Effect of DOP concentration on CTA + PVC blends

PVC: 10% (w/v) solution Specimen no. 1 2 3 4 5

Concentration of CTA solution (ml)

Concentration of PVC solution (ml)

15 15 15 15 15

1 1 1 1 1

CTA: 3.3% (w/v) solution Concentration of DOP (ml)

Tensile strength (N/mm2)

0.1 0.2 0.3 0.4 0.5

6.37 ± 8.07 ± 7.73 ± 5.59 ± 4.31 ±

0.32 0.41 0.39 0.28 0.22

Extension at break (%) 3.41 ±  0.17 4.33 ±  0.22 5.24 ±  0.26 5.07 ±  0.25 6.49 ±  0.32

Mean and standard deviation were calculated from five different samples.

Table 2.

Mechanical properties of CTA + PVC blends

PVC: 10% (w/v) solution Specimen no. 1 2 3 4 5 6 7 8

Concentration of CTA solution (ml) 15 15 0 15 15 15 15 15

Concentration of PVC solution (ml) 0 0 3 3 2.5 2 1.5 1

CTA: 3.3% (w/v) solution Concentration of DOP (ml)

Tensile strength (N/mm2)

0 0.2 0.2 0.2 0.2 0.2 0.2 0.2

2.19 ± 4.13 ± 0.54 ± 12.93 ± 14.23 ± 11.10 ± 9.90 ± 8.07 ±

0.11 0.21 0.03 0.64 0.71 0.56 0.51 0.40

Extension at break (%) 0.53 ± 0.03 1.24 ± 0.06 67.33 ± 3.34 0.74 ± 0.03 2.41 ± 0.12 2.00 ± 0.10 3.15 ± 0.15 1.91 ± 0.09

Mean and standard deviation were calculated from five different samples.

CTA solution (3.3% w/v) was prepared by dissolving CTA in chloroform. PVC solution (10% w/v) was pre pared by dissolving PVC in tetrahydrofuran (THF). The two solutions were mixed in different compositions for the preparation of CTA–PVC blends (Tables 1 and 2), using DOP solution as a plasticizer. To a known quantity of CTA solution, DOP was added followed by an aliquot of PVC solution. The mixture was stirred continuously for half an hour and poured into a glass plate measuring 12 × 10 ×  0.3 cm and dried at room temperature (30 °C). The experiments were done in triplicate. Analyses of the products prepared, viz. cellulose, CTA, PVC, CTA–PVC blends were carried out to study their  physico-chemical, mechanical and morphological properties and IR spectroscopy. Two dumb-bell-shaped specimens of 4 mm wide and 10 mm long were punched out of the prepared film. Mechanical properties such as tensile strength and percentage strain at break were measured using an Instron 4501 tensile testing system at an extension rate of 100 mm/min, fixing the sample in the holders. To provide proof of conversion of cellulose into CTA and the chemical nature of the individual constituents in the blend, infrared (IR) spectra of samples prepared were  –1 taken at a wavelength of 4000–400 cm  with Nicolet Im pact 400 Fourier Transform infrared spectrophotometer using KBr pellet containing 2–6 mg of the sample. The surface morphology of all the experimental sam ples was studied using JSM 5300 scanning electron microscope. CURRENT SCIENCE, VOL. 95, NO. 7, 10 OCTOBER 2008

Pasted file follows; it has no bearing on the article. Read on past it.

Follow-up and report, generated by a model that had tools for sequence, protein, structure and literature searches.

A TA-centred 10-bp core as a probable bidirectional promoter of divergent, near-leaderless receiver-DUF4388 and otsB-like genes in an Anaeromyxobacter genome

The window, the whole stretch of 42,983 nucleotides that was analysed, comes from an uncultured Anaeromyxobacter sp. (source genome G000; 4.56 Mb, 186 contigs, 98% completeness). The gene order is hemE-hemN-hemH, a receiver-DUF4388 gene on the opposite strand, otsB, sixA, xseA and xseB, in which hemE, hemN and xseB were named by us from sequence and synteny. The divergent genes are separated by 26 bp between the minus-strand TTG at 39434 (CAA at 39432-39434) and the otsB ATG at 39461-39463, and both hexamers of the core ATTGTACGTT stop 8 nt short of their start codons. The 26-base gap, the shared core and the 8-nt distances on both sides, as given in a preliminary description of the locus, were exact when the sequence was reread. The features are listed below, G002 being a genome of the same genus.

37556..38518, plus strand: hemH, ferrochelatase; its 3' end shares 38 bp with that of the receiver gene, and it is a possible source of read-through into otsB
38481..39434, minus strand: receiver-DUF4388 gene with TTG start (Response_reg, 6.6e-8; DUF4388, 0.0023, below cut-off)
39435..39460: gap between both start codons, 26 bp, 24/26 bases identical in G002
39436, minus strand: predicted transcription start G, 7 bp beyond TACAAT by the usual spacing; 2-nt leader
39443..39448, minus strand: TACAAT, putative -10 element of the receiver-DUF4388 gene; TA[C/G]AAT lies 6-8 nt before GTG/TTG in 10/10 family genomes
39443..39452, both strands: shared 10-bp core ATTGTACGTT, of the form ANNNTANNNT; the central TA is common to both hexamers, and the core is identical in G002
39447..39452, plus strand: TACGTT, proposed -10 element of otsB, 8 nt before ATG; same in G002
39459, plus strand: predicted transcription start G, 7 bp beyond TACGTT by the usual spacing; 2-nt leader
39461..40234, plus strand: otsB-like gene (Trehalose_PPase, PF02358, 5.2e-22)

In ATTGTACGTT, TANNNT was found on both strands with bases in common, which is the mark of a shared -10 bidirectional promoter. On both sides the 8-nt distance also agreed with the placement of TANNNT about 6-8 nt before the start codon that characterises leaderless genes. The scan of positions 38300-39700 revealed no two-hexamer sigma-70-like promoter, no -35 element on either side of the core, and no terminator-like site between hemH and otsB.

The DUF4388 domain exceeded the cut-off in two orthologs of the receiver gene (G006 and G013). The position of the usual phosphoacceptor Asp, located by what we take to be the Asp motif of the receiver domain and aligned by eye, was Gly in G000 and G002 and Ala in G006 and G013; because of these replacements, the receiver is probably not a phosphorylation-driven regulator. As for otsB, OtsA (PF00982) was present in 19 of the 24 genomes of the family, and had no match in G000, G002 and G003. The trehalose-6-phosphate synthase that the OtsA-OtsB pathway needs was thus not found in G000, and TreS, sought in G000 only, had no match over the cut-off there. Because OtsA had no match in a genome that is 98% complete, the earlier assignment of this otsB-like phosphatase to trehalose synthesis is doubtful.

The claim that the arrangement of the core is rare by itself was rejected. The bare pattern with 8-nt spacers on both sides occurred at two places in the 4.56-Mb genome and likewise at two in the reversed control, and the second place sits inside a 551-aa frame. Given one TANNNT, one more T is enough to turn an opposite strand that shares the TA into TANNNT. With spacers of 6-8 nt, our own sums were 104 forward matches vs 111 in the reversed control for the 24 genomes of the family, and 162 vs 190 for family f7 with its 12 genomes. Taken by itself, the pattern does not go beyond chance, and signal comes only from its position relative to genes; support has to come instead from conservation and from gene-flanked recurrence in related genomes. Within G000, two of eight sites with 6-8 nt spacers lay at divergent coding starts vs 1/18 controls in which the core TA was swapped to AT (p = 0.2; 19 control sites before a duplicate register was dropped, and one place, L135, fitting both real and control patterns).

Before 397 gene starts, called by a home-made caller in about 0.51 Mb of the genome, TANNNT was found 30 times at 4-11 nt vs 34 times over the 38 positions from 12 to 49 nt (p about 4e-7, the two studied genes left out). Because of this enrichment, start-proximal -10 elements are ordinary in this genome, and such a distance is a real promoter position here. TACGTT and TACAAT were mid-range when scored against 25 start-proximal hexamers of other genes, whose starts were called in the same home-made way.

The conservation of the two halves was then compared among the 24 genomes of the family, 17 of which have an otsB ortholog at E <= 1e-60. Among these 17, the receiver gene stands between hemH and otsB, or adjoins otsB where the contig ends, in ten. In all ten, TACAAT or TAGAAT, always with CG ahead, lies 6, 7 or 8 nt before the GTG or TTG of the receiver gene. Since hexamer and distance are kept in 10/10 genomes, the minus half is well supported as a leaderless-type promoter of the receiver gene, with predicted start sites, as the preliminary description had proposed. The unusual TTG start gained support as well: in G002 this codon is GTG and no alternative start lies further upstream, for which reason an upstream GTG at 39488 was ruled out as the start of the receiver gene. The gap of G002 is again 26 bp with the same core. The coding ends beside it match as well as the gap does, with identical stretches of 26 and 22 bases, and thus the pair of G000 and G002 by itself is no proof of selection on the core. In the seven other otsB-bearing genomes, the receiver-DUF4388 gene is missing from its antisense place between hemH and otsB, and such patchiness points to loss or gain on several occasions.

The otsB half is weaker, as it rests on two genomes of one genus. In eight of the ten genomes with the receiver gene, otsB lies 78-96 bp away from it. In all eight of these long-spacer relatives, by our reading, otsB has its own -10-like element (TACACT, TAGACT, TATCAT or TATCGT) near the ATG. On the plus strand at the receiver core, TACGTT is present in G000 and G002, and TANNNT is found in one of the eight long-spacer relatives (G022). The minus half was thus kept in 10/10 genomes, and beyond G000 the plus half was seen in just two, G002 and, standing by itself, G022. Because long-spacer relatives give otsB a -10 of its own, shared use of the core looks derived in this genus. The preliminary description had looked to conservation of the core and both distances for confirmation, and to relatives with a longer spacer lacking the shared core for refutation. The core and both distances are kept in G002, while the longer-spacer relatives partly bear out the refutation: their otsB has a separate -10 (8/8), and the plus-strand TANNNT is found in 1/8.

Thermo gravimetric analysis (TGA) of the samples was carried out using a Seiko SSC 5200 H in nitrogen atmos phere (80 ml/min) at a heating rate of 10°C/min. Primary weight loss of these materials as a function of temperature was recorded using this study. Dynamic mechanical analysis was carried out using strips of films (20 × 10 × 0.2 mm3) using a DMA 2980 dynamic mechanical analyser (TA Instruments) at a frequency of 1 Hz and strain amplitude of 20 m in the temperature range –100°C to +100°C at the rate of 5°C/min. Polymer blends are popular because they are costeffective and have the potential for design of materials 18 with properties tailored to a specific use . However, the  biodegradability of a product is of utmost importan ce nowadays. Therefore, an attempt has been made in this study to prepare a degradable material CTA from  Musa  paradisiaca  plant waste and its properties have been im proved by blending it with a synthetic polymer (PVC) and a plasticizer (DOP). Cellulose content in the waste was found to be 80% on solid weight basis. CTA is soluble in chloroform and PVC is soluble in THF. As both chloroform and THF are miscible and form a homogenous solution, the films formed are homogenous blends. The CTA film exhibited poor mechanical properties 2 with tensile strength of 2. 1951 N/mm   and elongation at break of 0.5326%. This may be mainly due to the crystalline nature of the polymer backbone, which is made up of 1 → 4-glycoside linkage. There are many chemical as well as physical methods by which one can improve the mechanical properties of a polymer. Here we have 959